Family Time

Christmas is coming. Our first Sabina Christmas.

Except that it isn’t.

Our daughter is having surgery in the UK on the hip complaint that caused us to learn how to make marmelade (or MarmalAID, as we called it) last year. And so I am sitting at 38,000 feet on a flight from Rome to Liverpool, with a couple of hundred Napoli fans, and a sports reporter called Massimo, who they all want to have their photograph taken with. This is slightly awkward for me, as Massimo and I are sitting on the front row of the aircraft, with an empty seat between us, and so that is where the fans sit for their selfies. At first, he apologized each time it happened, but now we just smile, roll our eyes and shrug our shoulders at each other. Luckily, there is a lot of turbulence today, so we are confined to our seats a lot of the time, which is keeping the seat invasions to a lower level than we would experience on a less bumpy flight.

A couple of hours ago, I had no idea who Massimo was. But our family have a “group chat” named viaggio, in which we post such mundane messages as “through security”, “boarded” and “landed” when we travel, and everybody gives a little thumbs up to communicate that they know where you are. So today I posted a pic of Massimo, and within a minute, my son had told me that
he was the Sky Sports Italia football correspondent, and that his Twitter profile picture was clearly rather out of date. He also shares his name with an Italian politician, apparently…

Anyway.

Back to Olive Hill, which will be without family cheer this Christmas, while Darling Daughter recovers from her latest surgery, and we catch up with family and friends at home.

A year ago today we visited the farm and took photos, which amazed me as I killed time at the airport this morning, so I thought that I would share them with you, dear reader.

This bottom photo was taken exactly one year ago from the ridge opposite the house. You can see the two arable fields, the vineyard, the rather overgrown, but otherwise healthy, green olive trees, and then, closer to the house, the sick trees, which we have pruned back so hard this year.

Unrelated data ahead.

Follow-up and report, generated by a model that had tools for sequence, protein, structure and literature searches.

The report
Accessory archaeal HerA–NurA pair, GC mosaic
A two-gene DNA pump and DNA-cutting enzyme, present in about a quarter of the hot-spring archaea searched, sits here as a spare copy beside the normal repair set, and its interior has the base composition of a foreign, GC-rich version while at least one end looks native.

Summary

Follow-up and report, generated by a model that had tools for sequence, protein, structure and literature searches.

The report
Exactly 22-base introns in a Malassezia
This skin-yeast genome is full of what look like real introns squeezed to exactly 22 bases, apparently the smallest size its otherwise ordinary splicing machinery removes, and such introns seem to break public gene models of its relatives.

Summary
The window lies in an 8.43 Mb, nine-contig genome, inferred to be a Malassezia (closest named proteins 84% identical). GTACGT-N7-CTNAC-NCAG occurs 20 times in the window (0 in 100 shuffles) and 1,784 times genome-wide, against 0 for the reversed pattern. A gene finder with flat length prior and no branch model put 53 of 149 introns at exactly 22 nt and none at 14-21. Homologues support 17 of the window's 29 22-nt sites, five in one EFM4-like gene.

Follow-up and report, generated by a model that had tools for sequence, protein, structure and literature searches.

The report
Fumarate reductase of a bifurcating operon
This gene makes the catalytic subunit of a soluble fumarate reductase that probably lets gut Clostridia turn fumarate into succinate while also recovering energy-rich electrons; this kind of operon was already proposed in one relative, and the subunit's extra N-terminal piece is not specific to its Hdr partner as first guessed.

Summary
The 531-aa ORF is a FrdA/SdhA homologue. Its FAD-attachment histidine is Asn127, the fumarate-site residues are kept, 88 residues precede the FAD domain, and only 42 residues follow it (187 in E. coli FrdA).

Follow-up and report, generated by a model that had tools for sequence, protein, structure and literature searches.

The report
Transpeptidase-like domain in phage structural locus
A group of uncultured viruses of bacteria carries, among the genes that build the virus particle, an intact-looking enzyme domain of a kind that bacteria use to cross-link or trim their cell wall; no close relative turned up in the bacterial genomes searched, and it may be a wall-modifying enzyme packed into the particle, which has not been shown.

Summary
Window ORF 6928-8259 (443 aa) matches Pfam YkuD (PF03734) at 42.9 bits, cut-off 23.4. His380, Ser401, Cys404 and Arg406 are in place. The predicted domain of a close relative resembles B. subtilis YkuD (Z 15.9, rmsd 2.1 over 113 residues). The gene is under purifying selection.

The top two pictures show the poor, sick olive trees, with their sad little leaves all on the ground. These two pictures show the scale of the problems that we took on with the olives, even before the hardest winter for many years struck, with its gelo and -14° temperatures, just as the olive blossom was attempting to form. No wonder then, that by the time we finally took ownership in May, these 100 or so trees were little more than living skeletons.  A year later, after serious pruning and lots of TLC, the trees are bouncing back to life. No wonder that olive trees are called eternal.

The picture of the citrus trees tell another story. This time last year these were in rude health, covered in oranges, grapefruits, mandarins, clementines and lemons, which one could pick directly from the balcony. The cruel winter caused them massive damage. Three of the trees are dead, and only one managed to produce any fruit at all this year, in the shape of four little clementines. We have watered, fed and gently pruned them, and as long as the weather gods are kind this winter, they too will provide us with fruit again one day.

The beginning of 2018 saw our little farm at its lowest ebb. The olives dying, the vineyard uncared for, the fruit trees unprotected from the vicious frost that would attack them. A year later and it is being nursed back to life.

Roll on 2019, we literally can not wait to get stuck in!

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